There is one final link in this set up and that is the curved angle of the rod that holds the float. When you check the resistance on the bench of the sending unit you would have unlimited movement and the extreme full/empty readings should be correct, 75-15 ohms ~. When you install the sending unit inside the tank and button everything up and fill the tank hopefully the gauge will read full. The first time we did this we had to adjust the rod to just touch the top of the tank to read correctly. Took a slight adjustment to get this right since the gauge read 3/4 full when the tank was really full. The rod was too straight and the float hit the top of the tank before the tank was really full. Just added a bit more bend to the rod and was able to get this right. Unfortunately you cannot remove the sending unit with a full tank and will have to drain down to about half full and start over. Have done this three times thru the years. A 12 v transfer pump helped in this process and filling and unloading the tank was fairly simple. The third Chinese made sending unit came with gaskets that were not usable. Found a gasket/nut set on line or $6.00 PPD. that worked beautifully. The last time the hole for the sending unit was corroded enough to not stop a leak and also added a new tank to the process. Once we also found that the connection to the sending unit for the blue wire was rusty and had to be cleaned up and replaced with a SS nut instead of the plastic plug connector. John Holst..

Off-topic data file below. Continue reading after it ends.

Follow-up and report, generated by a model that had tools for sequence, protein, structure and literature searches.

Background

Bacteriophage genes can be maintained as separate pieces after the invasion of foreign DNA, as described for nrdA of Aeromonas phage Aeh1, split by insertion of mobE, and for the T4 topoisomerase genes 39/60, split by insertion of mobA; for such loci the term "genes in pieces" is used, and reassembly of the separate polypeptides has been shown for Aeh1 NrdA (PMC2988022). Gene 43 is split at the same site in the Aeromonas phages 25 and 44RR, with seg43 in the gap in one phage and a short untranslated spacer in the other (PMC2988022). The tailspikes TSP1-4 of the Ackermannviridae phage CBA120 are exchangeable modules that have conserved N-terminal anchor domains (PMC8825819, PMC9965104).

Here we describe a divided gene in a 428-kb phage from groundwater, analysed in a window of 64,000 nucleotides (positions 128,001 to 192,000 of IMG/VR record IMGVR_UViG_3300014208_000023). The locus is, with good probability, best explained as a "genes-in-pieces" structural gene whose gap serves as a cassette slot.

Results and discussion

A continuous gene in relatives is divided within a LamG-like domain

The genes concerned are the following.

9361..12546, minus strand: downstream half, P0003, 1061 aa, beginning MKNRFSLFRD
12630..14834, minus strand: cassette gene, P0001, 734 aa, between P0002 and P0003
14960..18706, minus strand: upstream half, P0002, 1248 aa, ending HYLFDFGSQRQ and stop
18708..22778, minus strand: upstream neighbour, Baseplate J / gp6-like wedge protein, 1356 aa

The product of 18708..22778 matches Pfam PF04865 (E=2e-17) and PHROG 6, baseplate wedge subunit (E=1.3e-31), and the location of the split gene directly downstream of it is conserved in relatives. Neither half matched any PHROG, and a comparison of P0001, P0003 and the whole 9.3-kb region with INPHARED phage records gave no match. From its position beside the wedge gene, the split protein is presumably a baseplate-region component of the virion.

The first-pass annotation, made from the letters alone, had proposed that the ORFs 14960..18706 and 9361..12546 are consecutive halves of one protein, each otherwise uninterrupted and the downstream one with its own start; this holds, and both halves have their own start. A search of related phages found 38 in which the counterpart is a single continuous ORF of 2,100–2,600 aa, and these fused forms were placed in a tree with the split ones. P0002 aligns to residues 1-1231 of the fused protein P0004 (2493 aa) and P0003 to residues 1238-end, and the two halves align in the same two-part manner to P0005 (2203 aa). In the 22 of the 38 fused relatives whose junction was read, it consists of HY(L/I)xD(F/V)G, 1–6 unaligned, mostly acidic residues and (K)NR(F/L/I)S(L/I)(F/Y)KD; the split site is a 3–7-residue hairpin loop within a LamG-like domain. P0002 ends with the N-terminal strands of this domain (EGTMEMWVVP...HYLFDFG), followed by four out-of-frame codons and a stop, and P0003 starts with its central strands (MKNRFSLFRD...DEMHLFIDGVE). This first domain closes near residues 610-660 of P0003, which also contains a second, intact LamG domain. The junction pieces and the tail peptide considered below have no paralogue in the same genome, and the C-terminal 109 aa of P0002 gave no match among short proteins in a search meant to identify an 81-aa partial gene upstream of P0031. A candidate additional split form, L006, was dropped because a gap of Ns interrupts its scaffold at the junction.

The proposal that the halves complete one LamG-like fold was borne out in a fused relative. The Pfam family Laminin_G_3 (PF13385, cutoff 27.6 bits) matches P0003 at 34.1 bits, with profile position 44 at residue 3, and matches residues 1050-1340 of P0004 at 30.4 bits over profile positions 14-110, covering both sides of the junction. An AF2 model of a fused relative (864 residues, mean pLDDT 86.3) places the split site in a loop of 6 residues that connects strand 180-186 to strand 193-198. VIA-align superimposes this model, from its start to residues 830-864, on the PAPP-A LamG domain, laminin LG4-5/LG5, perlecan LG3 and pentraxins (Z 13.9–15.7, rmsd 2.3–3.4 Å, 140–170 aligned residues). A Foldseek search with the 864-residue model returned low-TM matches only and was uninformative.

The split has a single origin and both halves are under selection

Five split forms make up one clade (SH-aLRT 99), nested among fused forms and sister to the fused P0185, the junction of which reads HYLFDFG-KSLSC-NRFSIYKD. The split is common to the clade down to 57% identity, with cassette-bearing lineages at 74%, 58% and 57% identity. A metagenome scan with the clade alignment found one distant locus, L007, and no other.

I once read online that all the old Beast drivers usually carried 3-5 gallons of fuel in a trunk can because you were never sure what the gauge said was correct.
On 1/6/2018 8:01 AM, John Grady jkg@xxxxxxxxxxxxxxxxx [Chrysler300] wrote:
Posted by: John Holst <jholst@xxxxxxxxx>
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